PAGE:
The Witnesses: War Crimes and the Promise of Justice in The Hague by Eric Stover. Philadelphia: University of Pennsylvania Press, 2005. 230 pp.

In The Witnesses, Eric Stover investigates the perceptions and attitudes of witnesses who testified at the International Criminal Tribunal for the Former Yugoslavia (ICTY). This book is an important advance in human rights studies and transnational law because it is the first ever study of witnesses testifying at an international war crimes tribunal. Stover is well qualified for the task: he is both the director of the Human Rights Center at the University of California at Berkeley and an author of numerous books on war crimes and related topics.

In writing this book, Stover interviewed 87 witnesses who testified at The Hague in connection with the ICTY proceedings, which began in 1991. The interviewees include Croats, Serbs and Muslims, all of whom were victimized during the conflict. The book’s writing style has an academic bent with the feel of a dissertation-turned-book. However, this style lends itself well to those truly interested in the subject; the extensive citations (which, impressively, cross disciplines into law, psychology, sociology, and historical accounts of witnesses testifying at Nuremberg and elsewhere) provide a broad array of further reading for those who wish to learn more.

The book can be broken down into roughly three parts: first, background information about war crimes tribunals; second, the experiences of the witnesses before, during and after testifying as part of the ICTY prosecutions; and recommendations for improving future international war crimes tribunals. The first portion of the book provides an excellent primer on the history and procedural workings of ICTY and on the formation of war crimes tribunals in general. This background also gives the reader perspective for understanding the role the witnesses played when called to The Hague for the ICTY trials.

The second part of The Witnesses constitutes the best, and most important, part of the book. These chapters tell the personal stories of the witnesses, including how they came to testify at The Hague, what happened when they testified, and the aftermath they reported after giving testimony. Universally, the witnesses’ stories are poignant and their personal courage inspiring. The witnesses report testifying as being largely a positive experience, but also describe a multitude of problems with the tribunal system. One issue, which repeats throughout the accounts, is that the witnesses were often testifying against neighbors with whom they had co-existed in relative peace before the war. Repeatedly, the ICTY prosecutors and judges are unable to protect the identity of the witnesses from the defendants’ cronies (despite a procedural safeguard that purported to do just that), and the witnesses faced retribution upon returning home from The Hague. Another failing reported by the witnesses was that they were not fully aware of their options for being relocated after testifying, and often failed to take advantage of options that would allow them a fresh start away from those who had victimized them. Third, the witnesses reiterated their feeling that they were not properly informed about their role at the tribunal, nor kept informed about the outcomes of the tribunal after testifying.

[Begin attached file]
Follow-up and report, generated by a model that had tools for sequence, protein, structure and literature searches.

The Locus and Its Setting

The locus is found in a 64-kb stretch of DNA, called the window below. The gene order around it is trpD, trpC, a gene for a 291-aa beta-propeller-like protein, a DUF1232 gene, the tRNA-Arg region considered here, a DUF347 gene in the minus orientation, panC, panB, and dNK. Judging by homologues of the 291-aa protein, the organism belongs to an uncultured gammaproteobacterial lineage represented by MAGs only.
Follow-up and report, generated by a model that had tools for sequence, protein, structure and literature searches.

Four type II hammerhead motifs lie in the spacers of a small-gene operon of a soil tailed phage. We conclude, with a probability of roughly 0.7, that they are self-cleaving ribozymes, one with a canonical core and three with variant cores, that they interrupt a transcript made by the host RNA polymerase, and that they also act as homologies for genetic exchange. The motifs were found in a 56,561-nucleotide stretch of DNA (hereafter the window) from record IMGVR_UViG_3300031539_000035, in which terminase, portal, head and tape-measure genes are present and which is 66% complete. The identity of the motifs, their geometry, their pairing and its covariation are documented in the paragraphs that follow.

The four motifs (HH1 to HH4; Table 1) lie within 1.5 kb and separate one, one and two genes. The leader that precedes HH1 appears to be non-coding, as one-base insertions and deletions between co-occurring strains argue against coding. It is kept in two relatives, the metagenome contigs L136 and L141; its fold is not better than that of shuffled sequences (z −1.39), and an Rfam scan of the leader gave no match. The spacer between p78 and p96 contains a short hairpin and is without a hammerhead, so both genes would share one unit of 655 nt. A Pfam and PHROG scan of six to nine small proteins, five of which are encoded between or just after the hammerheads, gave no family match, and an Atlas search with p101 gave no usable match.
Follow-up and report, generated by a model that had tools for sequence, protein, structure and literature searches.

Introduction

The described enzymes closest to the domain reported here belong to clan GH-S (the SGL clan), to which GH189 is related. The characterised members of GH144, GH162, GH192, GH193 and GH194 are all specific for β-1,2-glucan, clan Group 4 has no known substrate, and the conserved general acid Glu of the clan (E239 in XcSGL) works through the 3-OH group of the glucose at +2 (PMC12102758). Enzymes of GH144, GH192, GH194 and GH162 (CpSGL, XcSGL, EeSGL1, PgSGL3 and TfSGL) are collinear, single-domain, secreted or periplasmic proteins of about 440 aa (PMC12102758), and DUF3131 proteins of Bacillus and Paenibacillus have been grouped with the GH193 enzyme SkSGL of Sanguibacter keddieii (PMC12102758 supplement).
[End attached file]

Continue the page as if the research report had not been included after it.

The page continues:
In the final portion of the book, Stover attempts to synthesize the complaints raised by the witnesses into suggestions for improving the handling of witnesses at future tribunals. This portion of the book is uninspiring. Stover’s recommendations can be boiled down to the following: that the UN and individual nations give more money to support war crimes tribunals; that war crimes tribunals meet to promulgate new regulations for improving support services for witnesses; and that prosecutors show common courtesy by keeping witnesses better informed about the process and outcomes. Nowhere do concrete solutions to the reported problems materialize, despite Stover’s insistence in his preface that they would be forthcoming. Furthermore, Stover seems to measure the success of ICTY based on the satisfaction of witnesses with their role, instead of properly recognizing the Tribunal’s primary missions of convicting war criminals and obtaining justice for the victims as a whole. Nonetheless, the concerns raised by the witnesses are serious, particularly with regard to maintaining their safety, and Stover’s recommendations seem reasonable despite their vagueness.

Overall, The Witnesses is a well-written book on an important topic, and the uninspiring conclusions do not sully its overall value. Those interested in human rights, the war in the former Yugoslavia and its fallout, or international criminal law would benefit from reading it. Overall, this book, much like the ICTY proceedings, has shortcomings, but in the final analysis is a worthy endeavor.

Gabriel H. Teninbaum, Esq.
Cambridge, Massachusetts
October 2006

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